How to Use the Habitat Development Curve

Habitat Development Curves (HDCs) are used to determine the developmental status and trajectory of on-the-ground projects to create, restore, or enhance California wetland and stream habitats. Each HDC is based on assessments of habitat condition for different age areas of one habitat type that in aggregate represent the full spectrum of habitat development. The assessments of condition are provided by expert applications of the California Rapid Assessment Method (CRAM). Visit the CRAM website for more information about CRAM.

For each HDC, reference condition is represented by areas of a habitat that consistently get very high CRAM scores, have not been subject to disruptive management practices, and exist within landscapes that are protected and managed for their natural conditions. The horizontal lines intersecting the top of an HDC represent the mean CRAM score and standard deviation of scores for 25 qualifying reference areas.

The age of a project is estimated as the elapsed time in years between the groundwork end date for the project and the date of the CRAM assessment. To add or update a groundwork end date, use the Project Events form in Project Tracker ( The minimum age in years of a non-project area, including any natural reference area, is estimated from all available local information, including historical maps and imagery, historical written accounts, and place-specific scientific studies of habitat development.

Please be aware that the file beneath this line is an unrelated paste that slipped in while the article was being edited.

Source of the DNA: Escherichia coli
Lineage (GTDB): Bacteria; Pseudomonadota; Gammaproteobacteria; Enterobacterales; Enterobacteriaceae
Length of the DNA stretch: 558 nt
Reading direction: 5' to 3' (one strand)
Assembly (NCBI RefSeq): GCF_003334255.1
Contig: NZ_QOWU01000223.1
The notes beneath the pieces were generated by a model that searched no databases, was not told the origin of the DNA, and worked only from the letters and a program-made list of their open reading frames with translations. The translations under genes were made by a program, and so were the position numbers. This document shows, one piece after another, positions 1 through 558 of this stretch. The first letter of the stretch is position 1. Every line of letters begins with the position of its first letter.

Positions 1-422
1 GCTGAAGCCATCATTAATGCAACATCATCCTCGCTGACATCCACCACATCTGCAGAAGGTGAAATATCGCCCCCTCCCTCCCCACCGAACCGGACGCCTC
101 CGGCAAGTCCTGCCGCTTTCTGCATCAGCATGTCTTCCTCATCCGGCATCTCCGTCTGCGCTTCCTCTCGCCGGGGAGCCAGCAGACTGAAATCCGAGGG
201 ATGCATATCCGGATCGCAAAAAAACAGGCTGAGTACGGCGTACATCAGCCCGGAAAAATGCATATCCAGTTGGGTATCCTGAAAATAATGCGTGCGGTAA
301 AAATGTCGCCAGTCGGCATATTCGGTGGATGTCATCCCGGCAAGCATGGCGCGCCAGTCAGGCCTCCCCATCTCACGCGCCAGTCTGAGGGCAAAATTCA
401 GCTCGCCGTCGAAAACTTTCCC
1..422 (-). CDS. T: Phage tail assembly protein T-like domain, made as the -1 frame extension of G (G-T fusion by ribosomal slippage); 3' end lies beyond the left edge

An HDC can be used to address the following questions:

  1. At what time in the future will the area of assessed habitat achieve the reference condition or other milestones in habitat development? The HDC can answer this question if the CRAM score for the assessed area is within the confidence interval of the HDC. The answer is the time in years along the HDC between the current age of the assessed area and the future date corresponding to the intersection of the HDC and the reference condition or other milestone.
  2. Is the area of assessed habitat likely to develop faster, slower, or at the same pace as most other areas of the same habitat type? The habitat area is likely to develop faster, slower, or at the same pace if the CRAM score for the area is above, below, or within the confidence interval of the HDC, respectively.
  3. What can be done to improve the condition of the habitat area or to increase its rate of development? HDCs by themselves cannot answer this question. Possible answers can be inferred by the following analysis that involves HDCs:
    1. Examine the HDC for each of the four CRAM Attributes;
    2. Identify the Attribute(s) scoring below the HDC;
    3. For any low-scoring Attribute, examine the component Metric Scores (note: the Metric Scores for any public CRAM assessment in the CRAM database can be obtained through EcoAtlas);
    4. Assume the low score of an Attribute is due to its low-scoring Metric(s);
    5. Consider modifying the design or management of the habitat area in ways that will sustainably increase its score(s) for the low-scoring Metric(s).

For more information about CRAM Attributes and Metrics, including their scientific rationale, see the CRAM Manual.

Display Habitat Development Curves For Wetland Type:

CRAM Site Scores